The right to a fast and speedy trial can be found in Indiana Criminal Rule 4 which exists to enforce the state constitutional guarantee of a speedy trial. The rule typically applies to individuals in jail but in certain circumstances can apply to those who have been bailed or released on their own recognizance. However, there are a few different subsections of the rule that apply to various situations differently which this article will seek to explain.
Subsection A – The Six Month Rule
Criminal Rule 4 (A) provides in relevant part:
No defendant shall be detained in jail on a charge, without a trial, for a period in aggregate embracing more than six (6) months from the date the criminal charge against such defendant is filed, or from the date of his arrest on such charge (whichever is later); except where a continuance was had on his motion, or the delay was caused by his act, or where there was not sufficient time to try him during such period because of congestion of the court calendar; provided, however, that in the last-mentioned circumstance, the prosecuting attorney shall make such statement in a motion for continuance not later than ten (10) days prior to the date set for trial, or if such motion is filed less than ten (10) days prior to trial, the prosecuting attorney shall show additionally that the delay in filing the motion was not the fault of the prosecutor. Provided further, that a trial court may take note of congestion or an emergency without the necessity of a motion, and upon so finding may order a continuance. Any continuance granted due to a congested calendar or emergency shall be reduced to an order, which order shall also set the case for trial within a reasonable time. Any defendant so detained shall be released on his own recognizance at the conclusion of the six-month period aforesaid and may be held to answer a criminal charge against him within the limitations provided for in subsection (C) of this rule.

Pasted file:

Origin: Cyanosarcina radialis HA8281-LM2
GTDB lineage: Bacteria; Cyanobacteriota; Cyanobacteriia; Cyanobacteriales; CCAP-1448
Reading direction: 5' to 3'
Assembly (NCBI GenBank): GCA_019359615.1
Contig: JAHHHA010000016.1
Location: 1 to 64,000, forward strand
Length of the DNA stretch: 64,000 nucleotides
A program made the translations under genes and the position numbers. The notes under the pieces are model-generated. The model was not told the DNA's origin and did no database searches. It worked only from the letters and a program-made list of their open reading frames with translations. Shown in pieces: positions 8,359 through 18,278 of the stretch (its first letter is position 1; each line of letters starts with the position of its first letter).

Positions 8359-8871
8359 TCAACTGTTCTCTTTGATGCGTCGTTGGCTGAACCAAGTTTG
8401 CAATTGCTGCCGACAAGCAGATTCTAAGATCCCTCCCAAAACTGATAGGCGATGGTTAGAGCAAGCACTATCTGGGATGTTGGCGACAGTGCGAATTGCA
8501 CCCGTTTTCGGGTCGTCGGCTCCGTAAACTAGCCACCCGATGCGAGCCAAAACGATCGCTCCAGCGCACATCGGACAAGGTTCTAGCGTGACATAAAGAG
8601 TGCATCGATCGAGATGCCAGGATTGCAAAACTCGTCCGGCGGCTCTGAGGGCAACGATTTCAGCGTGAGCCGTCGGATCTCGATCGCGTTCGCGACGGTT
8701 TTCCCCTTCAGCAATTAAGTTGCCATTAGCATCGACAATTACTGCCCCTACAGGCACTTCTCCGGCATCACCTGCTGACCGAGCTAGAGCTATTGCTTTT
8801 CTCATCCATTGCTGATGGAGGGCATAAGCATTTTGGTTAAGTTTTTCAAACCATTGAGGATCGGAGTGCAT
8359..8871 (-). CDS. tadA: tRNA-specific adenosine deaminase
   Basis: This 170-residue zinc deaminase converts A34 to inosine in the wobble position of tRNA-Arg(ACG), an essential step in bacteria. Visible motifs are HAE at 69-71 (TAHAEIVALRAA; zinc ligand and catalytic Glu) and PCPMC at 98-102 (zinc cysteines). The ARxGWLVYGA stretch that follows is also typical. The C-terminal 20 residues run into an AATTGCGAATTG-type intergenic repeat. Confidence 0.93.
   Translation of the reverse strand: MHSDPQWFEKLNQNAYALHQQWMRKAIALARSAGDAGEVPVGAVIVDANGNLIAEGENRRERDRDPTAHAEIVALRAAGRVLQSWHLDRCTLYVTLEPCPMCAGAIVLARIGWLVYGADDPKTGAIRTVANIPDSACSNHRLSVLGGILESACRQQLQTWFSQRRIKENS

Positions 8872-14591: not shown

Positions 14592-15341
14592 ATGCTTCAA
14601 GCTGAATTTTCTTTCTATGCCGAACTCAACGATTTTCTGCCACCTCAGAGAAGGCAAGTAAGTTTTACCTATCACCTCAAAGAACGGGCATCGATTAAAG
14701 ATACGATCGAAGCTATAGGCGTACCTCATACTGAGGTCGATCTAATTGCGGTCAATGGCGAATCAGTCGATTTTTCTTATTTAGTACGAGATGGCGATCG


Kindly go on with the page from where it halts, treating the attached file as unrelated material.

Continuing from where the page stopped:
To be clear, this rule subsection provides relief for release, not discharge. The relief provided is the defendant is released from jail while awaiting trial and does not cause the case to be dismissed. This release order only applies to person detained in Indiana and does not apply to defendants incarcerated in other states per se. The defendant does not have to object to a trial date set outside the six month period and does not otherwise need to make any particular motion to be eligible under subsection A. The three exceptions that do not count to the overall six month time clock include when a delay is caused by the defendant moving for a continuance, a delay caused by an act of the defendant (such as not appearing at court), or if the court continued the matter on their own due to calendar congestion or an emergency.